by Tshepo Phagane
Reuters reports that President Cyril Ramaphosa said on Monday there would be no mass layoffs of public sector workers as his government considers various ways to pull the economy out of a recession. In June, the National Treasury said it was considering layoffs and early retirement packages for staff in the public sector to avoid breaking its pledge to cut spending after unions clinched above-inflation wage increases. But, Ramaphosa said at trade union federation Cosatu’s congress on Monday: “The mass retrenchment of public sector workers is not under consideration.
The context of slow economic growth and weak revenue collection means that expenditure on other critical things will suffer … but we need to address this in a way that does not put the livelihoods of public sector workers at risk.” SA needs faster economic growth to reduce its 27% unemployment rate and alleviate poverty and inequality and the ruling African National Congress has made repeated pledges to improve the economy. Unemployment will no doubt be a key concern for voters ahead of elections next year.
by Mfuneko Toyan
The Star reports that the fatal stabbing of a teacher by a pupil in North West has sparked all-too-familiar fears for KwaZulu-Natal (KZN) teachers. The provincial National Teachers’ Union (Natu) and the SA Democratic Teachers’ Union (Sadtu) said on Monday that their members should not be working in fear, wondering if they were going to be the next victim. Gadimang Mokolobate, 24, died after being stabbed in the chest on Thursday at a secondary school near Zeerust. His alleged murderer – a Grade 10 learner – had apparently been reprimanded by Mokolobate for jumping the queue for food the day before.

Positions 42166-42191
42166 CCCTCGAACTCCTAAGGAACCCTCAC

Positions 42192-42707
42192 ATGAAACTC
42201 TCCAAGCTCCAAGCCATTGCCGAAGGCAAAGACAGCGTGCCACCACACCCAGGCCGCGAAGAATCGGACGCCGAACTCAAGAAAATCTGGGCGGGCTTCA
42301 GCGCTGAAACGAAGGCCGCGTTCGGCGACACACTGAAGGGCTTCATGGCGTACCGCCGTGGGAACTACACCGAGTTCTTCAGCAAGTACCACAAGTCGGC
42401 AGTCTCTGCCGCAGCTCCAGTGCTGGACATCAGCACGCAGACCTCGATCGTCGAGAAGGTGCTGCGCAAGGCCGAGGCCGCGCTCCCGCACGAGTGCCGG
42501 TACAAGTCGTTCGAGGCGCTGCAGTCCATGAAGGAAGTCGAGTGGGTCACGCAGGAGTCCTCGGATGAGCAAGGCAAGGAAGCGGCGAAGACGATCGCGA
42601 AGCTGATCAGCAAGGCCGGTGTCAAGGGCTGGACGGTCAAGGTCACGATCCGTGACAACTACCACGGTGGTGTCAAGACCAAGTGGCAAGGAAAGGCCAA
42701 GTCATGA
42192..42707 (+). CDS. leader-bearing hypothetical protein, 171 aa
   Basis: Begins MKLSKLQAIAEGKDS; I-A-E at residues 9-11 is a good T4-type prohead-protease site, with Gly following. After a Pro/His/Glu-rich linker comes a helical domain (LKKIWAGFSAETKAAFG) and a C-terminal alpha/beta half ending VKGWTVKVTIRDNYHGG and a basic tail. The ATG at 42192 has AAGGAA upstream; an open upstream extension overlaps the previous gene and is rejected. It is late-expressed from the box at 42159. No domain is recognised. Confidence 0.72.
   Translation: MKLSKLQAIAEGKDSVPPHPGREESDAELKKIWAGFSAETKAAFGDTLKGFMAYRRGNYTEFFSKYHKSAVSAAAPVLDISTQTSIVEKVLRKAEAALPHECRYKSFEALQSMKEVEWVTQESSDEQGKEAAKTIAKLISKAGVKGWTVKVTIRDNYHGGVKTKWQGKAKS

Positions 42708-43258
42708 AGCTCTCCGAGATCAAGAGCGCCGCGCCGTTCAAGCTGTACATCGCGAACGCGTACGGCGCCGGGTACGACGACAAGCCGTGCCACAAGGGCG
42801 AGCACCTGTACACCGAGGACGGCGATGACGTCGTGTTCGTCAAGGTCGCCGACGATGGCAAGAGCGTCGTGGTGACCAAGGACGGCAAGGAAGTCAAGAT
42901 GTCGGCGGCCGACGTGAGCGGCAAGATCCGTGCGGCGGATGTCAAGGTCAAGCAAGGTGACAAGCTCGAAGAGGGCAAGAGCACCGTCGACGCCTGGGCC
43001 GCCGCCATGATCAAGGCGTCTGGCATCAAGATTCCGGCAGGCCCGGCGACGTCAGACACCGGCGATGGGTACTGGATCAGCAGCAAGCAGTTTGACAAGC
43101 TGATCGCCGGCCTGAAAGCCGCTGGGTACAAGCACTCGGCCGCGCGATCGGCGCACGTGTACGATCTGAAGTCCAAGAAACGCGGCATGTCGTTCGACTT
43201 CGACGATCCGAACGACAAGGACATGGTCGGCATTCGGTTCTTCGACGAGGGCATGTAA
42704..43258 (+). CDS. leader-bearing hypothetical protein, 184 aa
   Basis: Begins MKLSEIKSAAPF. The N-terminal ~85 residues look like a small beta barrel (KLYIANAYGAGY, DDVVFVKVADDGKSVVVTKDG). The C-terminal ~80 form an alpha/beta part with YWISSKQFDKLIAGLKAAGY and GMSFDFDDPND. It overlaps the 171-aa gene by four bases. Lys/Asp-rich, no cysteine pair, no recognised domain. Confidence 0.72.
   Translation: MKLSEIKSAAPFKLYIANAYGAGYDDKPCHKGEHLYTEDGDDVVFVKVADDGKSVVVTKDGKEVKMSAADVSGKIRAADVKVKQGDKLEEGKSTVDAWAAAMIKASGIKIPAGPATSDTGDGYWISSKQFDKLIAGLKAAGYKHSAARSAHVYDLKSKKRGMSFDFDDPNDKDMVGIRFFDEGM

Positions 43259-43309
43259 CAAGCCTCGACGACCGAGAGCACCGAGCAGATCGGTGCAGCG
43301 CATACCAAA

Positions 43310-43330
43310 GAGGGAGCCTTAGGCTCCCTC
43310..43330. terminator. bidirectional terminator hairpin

Natu’s Allen Thompson said schools were the last place teachers should be in danger and that the Department of Basic Education (DBE) was failing teachers and learners by not providing sufficient, properly trained security guards. Natu was proposing one security guard for every 300 pupils, as “anything less would be the department continuing to gamble with teachers’ and learners’ lives.” But, a DBE spokesperson said their budget was already stretched to make provisions for teaching and learning. Sadtu’s Bheki Shandu said while teachers were taught how to deal with ill-discipline, they were not equipped to deal with violence and that the “drugs, struggles, fights and grudges happening in society are spilling into schools, as we have seen with the killing of the two learners in KwaMakhutha, which was found to be linked to gangsterism.
by Nosipho Mngoma
Sowetan reports that Ekurhuleni has put 48 female firefighters on suspension after they protested about their working conditions and the payment of shift allowances. The firefighters demonstrated in Pretoria two weeks ago about conditions of service in the city, including having to work more than eight hours a day. Ekurhuleni has accused them of bringing the metro into disrepute. “They participated in an illegal march to the Union Buildings in Pretoria in full City of Ekurhuleni Emergency Services uniform, thus putting the name of the employer into disrepute,” said the city’s spokesperson Themba Gadebe on Monday. Arthur Mbonani, a SA Municipal Workers’ Union (Samwu) shop steward in Ekurhuleni, said the workers attended an event organised by the metro during Women’s Month.